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October 20, 2010

If Docility Is Important to You…

Producers typically place some emphasis on bull behavior as part of their selection criteria for breeding stock. Surveys of commercial cow-calf producers rank disposition in the same magnitude of importance as a trait such as calving ease in selecting bulls for use in their programs. During the past few years, Angus breeders have been submitting yearling cattle temperament scores on a 1-6 scale. The scoring system is given in Fig. 1

Fig. 1: Six-point scoring system for yearling cattle, age 320-440 days
Very Aggressive

Source: Beef Improvement Federation (BIF) Guidelines.

Heritability estimates for temperament in beef and dairy cattle tend to be moderate to high, indicating that selection for improved temperament would be effective. Heritability estimates can range from 0 to 1. As a comparison with other traits, reproductive traits tend to be lowly heritable and carcass traits are more highly heritable.

University of Missouri scientist Bob Weaber analyzed the yearling cattle temperament scores to estimate temperament heritability, which ranged from 0.36 to 0.45. Estimates of maternal heritability were near 0. The variance components generated from this research were used in a genetic evaluation for the trait, representing a heritability equal to 0.37.

An edited performance file of yearling temperament scores was used with a four-generation pedigree to calculate an expected progeny difference (EPD) for docility. Four categories were used, for scores 1, 2, 3 and the combined category of scores 4, 5 and 6.

The contemporary group was defined in a similar format to the Association's national cattle evaluation (NCE) for yearling weight. Groups without any variation in temperament scores were removed from the analysis. In the latest evaluation, there were 8,396 contemporary groups represented in 92,901 temperament scores. The animal model evaluation included contemporary group, age of dam classes 2-year through 10-year, linear effects of calf age deviated from 365, and categorical temperament scores.

The evaluation produced 267,487 EPDs calculated for parents, nonparents with individual records, and pedigree ties.

Using docility EPDs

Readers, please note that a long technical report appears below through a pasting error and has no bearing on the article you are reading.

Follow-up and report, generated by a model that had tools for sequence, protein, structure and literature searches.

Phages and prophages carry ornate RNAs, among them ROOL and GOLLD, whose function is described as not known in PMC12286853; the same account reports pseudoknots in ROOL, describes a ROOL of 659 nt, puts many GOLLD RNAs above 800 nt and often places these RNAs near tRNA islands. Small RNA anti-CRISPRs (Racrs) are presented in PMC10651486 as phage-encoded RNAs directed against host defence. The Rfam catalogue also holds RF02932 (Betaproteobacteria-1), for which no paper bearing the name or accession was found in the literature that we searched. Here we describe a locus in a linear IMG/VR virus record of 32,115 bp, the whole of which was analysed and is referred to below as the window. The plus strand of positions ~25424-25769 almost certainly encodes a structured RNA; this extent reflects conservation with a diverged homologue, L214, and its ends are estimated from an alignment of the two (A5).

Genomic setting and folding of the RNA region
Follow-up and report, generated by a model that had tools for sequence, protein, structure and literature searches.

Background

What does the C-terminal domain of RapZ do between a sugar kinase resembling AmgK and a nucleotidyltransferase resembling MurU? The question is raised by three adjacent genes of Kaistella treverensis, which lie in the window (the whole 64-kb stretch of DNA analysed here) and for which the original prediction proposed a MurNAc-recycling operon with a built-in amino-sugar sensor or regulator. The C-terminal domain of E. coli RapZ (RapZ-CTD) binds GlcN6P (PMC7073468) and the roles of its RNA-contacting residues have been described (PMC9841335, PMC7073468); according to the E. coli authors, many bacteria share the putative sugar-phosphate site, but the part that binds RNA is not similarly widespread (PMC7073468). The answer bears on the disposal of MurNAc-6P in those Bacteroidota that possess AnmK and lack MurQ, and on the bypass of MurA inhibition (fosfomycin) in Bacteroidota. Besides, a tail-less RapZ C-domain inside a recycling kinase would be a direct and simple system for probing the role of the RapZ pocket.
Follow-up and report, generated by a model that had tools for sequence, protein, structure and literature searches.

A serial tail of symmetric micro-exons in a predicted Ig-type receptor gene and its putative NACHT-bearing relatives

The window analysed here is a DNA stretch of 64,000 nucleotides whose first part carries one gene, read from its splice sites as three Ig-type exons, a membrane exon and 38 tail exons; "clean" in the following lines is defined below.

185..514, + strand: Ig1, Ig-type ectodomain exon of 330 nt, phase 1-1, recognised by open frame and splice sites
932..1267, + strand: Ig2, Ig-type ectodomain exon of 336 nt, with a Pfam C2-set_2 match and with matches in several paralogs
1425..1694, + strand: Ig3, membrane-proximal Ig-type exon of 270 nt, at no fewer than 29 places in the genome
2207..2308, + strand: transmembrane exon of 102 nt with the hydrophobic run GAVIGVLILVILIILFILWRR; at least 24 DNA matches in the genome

The docility EPD is presented as a percentage, where a higher value is considered more favorable in terms of docile temperament.

Docility EPDs can be used as part of a complete selection program in the event that a breeder needs to make improvement in a herd's cattle temperament. In the following example, a 10 percentage point difference exists between the EPDs for Bull A and Bull B. On the average, assuming the two bulls were mated to comparable females, one would expect 10 more calves out of 100 sired by Bull A to have a temperament in the most docile score (score = 1) compared with calves sired by Bull B. In herds where temperament problems are not an issue, this expected difference would not be realized.

Bull A Doc EPD
Bull B Doc EPD





Since this is a threshold trait, herds that exhibit no problems in temperament will realize no improvement in selecting for favorable docility EPDs.

Table 1: Descriptive statistics for docility genetic evaluation

  Mean SD Minimum Maximum
Mean EPD, %
Mean Accuracy

Table 1 illustrates a sizable spread between the most and least docile current sire EPDs. The docility EPDs tended to be positively correlated with yearling weight EPD, but not with other performance and carcass EPDs. The genetic trend for this EPD is essentially flat when reviewing the average EPD by birth year for animals in the evaluation.

Although the docility EPDs have been available as a research genetic evaluation on since the Spring 2008 NCE, these EPDs are now available on a weekly basis through the website and AAA Login (

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